"Large" gauge transformation doesn't act as do-nothing transformation in QFT: looking for classical analog

That large gauge transformations are not true gauge transformations (i.e. yield physically distinct states) is a purely quantum phenomenon due to a choice of quantization procedure that is present in the cases where there are large gauge transformations. Classically, large gauge transformations are always gauge transformations, i.e. trivial on the physical state space. See also this answer by David Bar Moshe.

Essentially, the special status of large gauge transformations arises from the fact that the quantization procedure for a gauge theory only imposes that applying the generators of gauge transformations to physical states must yield zero, and hence the physical states are invariant under gauge transformations generated by them. But, rather by definition, the transformations generated by the generators only yield the gauge transformations connected to the identity (the exponential map of a Lie algebra maps to the connected components of the corresponding group). Therefore, the quantization procedure by design only imposes invariance of the quantum theory under small gauge transformations.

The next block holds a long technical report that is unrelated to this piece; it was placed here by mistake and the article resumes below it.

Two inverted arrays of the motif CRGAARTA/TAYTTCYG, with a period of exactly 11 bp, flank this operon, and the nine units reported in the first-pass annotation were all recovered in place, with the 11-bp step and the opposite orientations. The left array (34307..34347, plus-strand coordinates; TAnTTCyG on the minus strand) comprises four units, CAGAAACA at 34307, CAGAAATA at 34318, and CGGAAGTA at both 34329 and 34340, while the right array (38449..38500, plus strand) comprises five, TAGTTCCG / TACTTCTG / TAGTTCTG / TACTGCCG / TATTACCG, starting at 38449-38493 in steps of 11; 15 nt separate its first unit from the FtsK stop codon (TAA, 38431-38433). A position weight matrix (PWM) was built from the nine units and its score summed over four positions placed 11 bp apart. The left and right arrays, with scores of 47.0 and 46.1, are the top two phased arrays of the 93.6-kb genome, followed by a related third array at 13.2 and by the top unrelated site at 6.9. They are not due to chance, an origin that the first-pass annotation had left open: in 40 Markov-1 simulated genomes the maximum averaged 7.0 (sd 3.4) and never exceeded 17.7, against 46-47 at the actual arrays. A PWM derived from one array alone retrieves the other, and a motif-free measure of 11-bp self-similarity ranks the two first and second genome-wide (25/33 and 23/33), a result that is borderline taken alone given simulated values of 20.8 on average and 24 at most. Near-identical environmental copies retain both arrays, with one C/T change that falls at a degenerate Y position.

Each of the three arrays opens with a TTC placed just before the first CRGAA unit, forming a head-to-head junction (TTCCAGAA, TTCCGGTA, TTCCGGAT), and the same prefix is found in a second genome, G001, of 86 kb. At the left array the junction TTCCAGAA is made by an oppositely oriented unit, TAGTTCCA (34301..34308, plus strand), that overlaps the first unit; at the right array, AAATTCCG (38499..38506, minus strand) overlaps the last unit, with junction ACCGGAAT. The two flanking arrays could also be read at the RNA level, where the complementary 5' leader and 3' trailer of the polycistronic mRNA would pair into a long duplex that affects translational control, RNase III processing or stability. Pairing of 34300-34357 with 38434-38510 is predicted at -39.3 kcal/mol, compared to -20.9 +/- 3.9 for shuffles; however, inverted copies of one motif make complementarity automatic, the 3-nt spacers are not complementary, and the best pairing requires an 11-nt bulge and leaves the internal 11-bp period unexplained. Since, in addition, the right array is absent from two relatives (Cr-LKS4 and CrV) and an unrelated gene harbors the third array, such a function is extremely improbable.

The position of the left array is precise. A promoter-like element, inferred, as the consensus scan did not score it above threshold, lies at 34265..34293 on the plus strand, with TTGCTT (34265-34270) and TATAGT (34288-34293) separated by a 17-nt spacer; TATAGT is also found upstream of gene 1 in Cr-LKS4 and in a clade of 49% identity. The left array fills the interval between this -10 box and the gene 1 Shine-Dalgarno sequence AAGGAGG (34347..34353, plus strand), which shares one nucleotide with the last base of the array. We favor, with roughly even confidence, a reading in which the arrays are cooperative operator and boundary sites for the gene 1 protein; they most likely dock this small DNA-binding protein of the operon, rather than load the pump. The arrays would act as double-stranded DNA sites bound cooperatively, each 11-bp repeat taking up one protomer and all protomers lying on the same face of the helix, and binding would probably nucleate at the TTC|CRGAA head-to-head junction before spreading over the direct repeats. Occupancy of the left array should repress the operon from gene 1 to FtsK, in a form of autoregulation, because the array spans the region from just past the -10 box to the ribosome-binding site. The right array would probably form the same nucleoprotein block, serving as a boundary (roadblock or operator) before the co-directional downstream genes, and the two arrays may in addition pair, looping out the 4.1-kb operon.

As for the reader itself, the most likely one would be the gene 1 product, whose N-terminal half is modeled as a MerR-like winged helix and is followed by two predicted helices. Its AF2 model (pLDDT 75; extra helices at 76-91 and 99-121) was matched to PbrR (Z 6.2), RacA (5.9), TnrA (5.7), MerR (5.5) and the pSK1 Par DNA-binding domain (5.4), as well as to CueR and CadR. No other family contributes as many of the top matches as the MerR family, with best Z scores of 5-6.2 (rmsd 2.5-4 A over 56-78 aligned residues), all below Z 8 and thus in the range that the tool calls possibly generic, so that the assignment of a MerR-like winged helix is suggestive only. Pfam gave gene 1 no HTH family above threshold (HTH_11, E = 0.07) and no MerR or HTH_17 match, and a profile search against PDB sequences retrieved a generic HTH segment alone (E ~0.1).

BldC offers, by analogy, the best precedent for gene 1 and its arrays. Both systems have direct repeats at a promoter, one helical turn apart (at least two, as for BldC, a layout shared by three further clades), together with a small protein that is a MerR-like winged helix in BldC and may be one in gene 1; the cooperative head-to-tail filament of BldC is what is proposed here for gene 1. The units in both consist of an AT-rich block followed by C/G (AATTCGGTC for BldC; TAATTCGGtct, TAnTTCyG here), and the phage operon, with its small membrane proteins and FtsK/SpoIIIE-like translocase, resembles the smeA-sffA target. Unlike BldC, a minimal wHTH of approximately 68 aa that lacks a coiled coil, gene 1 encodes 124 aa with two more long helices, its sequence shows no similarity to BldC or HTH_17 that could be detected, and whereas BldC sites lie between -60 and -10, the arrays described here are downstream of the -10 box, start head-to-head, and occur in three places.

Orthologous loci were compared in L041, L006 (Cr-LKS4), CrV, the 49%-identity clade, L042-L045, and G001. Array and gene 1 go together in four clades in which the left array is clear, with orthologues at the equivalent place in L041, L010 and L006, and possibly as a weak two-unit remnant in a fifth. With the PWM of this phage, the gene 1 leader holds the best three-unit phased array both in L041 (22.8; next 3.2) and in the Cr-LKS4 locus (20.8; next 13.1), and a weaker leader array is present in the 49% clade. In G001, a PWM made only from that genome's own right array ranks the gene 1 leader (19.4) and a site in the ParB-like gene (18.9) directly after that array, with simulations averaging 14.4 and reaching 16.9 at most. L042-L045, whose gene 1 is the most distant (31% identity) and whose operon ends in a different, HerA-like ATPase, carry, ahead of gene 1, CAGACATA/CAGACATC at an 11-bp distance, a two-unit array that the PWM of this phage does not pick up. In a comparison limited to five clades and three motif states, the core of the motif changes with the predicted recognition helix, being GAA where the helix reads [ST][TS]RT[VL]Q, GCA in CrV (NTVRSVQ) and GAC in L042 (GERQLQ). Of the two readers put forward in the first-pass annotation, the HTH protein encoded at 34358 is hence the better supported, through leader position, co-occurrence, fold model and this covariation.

There is no good reason to demand that the quantum theory be invariant under large gauge transformations because it is well-known that the same classical system can have different inequivalent quantizations, and the large gauge transformations simply become the transformations between these inequivalent quantizations, which seems physically reasonable - given a classical theory, its full quantum theory should be the "sum" of all possible quantizations.